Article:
Don't let the first thing you blurt out in a job-interview be: "I was fired at my last job," If you thought that was the most important thing about you, then so will the employer. No, the first thing you should blurt out are your skills, your experience, and your enthusiasm for this company where you are interviewing. (It helps, more than a little, if you have done some research on that company, at the library, on the Internet, among your friends, before walking in there.) Save discussion of your previous job, and the manner in which you left it, for later in the interview, after the employer has shown some interest in actually hiring you. (Until then, your previous job history is absolutely irrelevant.)
On the other hand, don't let the interview end without volunteering that you were "let go" at this previous job if it wasn't part of a general downsizing.
If the employer has demonstrated a keen interest in hiring you, then (and only then) volunteer this kind of information: "I think you should know that I was let go at my previous job. There's not much to say about it. I usually get along extremely well with my bosses; but in this case, we just didn't. Human chemistry, I suppose. I'm sadder and wiser for the experience." Say no more. Let it go at that.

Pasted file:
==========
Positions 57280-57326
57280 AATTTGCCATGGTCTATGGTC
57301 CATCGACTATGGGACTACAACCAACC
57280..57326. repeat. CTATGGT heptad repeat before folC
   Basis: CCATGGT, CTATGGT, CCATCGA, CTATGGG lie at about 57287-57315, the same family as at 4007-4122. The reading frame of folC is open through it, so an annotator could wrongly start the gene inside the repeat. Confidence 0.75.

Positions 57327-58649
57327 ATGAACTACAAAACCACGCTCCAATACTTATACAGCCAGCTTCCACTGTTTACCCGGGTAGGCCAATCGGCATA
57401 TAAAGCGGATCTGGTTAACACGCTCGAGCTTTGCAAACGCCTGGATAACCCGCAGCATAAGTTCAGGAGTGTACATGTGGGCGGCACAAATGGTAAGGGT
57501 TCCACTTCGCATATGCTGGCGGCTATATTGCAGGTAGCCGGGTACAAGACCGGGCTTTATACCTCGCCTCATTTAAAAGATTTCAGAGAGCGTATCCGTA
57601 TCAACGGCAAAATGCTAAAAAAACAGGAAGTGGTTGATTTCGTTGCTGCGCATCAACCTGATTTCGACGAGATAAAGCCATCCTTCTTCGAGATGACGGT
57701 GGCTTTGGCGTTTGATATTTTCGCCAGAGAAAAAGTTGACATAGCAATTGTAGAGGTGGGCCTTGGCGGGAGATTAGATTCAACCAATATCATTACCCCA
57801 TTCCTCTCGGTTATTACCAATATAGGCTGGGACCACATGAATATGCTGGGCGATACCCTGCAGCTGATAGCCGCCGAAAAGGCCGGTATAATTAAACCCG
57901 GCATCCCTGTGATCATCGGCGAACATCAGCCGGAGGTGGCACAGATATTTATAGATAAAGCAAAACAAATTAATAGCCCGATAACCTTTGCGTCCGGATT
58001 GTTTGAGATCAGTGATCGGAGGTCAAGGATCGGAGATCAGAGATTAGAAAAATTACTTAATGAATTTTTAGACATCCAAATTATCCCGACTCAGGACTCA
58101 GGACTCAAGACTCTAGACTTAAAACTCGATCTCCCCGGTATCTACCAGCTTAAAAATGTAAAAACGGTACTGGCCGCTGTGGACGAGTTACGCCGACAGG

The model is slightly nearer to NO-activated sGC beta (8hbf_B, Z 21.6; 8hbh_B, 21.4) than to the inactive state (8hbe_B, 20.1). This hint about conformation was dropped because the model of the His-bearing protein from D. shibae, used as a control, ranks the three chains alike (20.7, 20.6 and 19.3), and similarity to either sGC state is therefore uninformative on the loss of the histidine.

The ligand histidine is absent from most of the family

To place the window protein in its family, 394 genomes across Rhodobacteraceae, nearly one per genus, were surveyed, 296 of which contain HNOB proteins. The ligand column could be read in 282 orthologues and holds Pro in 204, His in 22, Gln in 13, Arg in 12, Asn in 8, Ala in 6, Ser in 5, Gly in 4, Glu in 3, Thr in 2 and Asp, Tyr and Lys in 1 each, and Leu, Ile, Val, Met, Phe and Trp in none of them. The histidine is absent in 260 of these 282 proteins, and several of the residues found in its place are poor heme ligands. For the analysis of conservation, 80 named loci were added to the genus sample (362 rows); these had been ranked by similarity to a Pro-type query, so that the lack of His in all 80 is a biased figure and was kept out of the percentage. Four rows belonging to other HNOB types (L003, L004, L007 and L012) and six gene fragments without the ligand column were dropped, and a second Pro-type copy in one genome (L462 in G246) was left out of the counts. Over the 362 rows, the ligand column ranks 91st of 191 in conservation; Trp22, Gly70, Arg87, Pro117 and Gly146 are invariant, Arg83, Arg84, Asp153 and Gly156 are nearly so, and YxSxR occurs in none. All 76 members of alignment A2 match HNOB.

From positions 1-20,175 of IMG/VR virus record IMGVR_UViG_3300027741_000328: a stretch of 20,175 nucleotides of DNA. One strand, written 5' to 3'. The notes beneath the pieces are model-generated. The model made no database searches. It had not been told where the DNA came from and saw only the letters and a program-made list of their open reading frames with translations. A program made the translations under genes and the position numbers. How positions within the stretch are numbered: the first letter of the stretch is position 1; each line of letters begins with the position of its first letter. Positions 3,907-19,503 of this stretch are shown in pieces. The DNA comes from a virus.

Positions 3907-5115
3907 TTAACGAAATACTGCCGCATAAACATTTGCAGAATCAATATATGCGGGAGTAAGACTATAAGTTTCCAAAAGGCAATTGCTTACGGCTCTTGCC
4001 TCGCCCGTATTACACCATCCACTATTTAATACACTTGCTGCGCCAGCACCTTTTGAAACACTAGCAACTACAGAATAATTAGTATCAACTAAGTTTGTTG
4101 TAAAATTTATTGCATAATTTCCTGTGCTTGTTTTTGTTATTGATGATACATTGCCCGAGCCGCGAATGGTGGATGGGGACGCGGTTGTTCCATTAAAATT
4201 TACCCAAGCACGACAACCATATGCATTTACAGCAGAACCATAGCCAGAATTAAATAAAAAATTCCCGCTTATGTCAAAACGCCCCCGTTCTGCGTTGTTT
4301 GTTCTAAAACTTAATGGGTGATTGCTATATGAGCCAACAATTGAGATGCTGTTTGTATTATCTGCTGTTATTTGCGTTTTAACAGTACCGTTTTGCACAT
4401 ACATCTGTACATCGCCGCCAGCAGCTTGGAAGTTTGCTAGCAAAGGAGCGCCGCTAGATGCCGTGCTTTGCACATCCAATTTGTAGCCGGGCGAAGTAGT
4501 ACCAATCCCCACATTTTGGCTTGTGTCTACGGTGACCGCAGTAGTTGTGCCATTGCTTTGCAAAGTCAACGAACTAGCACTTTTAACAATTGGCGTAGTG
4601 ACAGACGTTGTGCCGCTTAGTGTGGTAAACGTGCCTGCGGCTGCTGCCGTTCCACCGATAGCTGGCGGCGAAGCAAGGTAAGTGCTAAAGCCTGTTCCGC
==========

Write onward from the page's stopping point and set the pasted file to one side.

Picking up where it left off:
Remember, at every job interview the employer is on trial as much as you are.
The purpose of a job interview is twofold: the employer decides if they want you, you decide if you want them. If an employer is obsessed with the subject of your firing, you're probably won't find this a comfortable place for you to do your best. Go on with your search. You can find a place where the job interviewer treats you with respect in the interview, and thinks the most important thing about you is your future, not your past.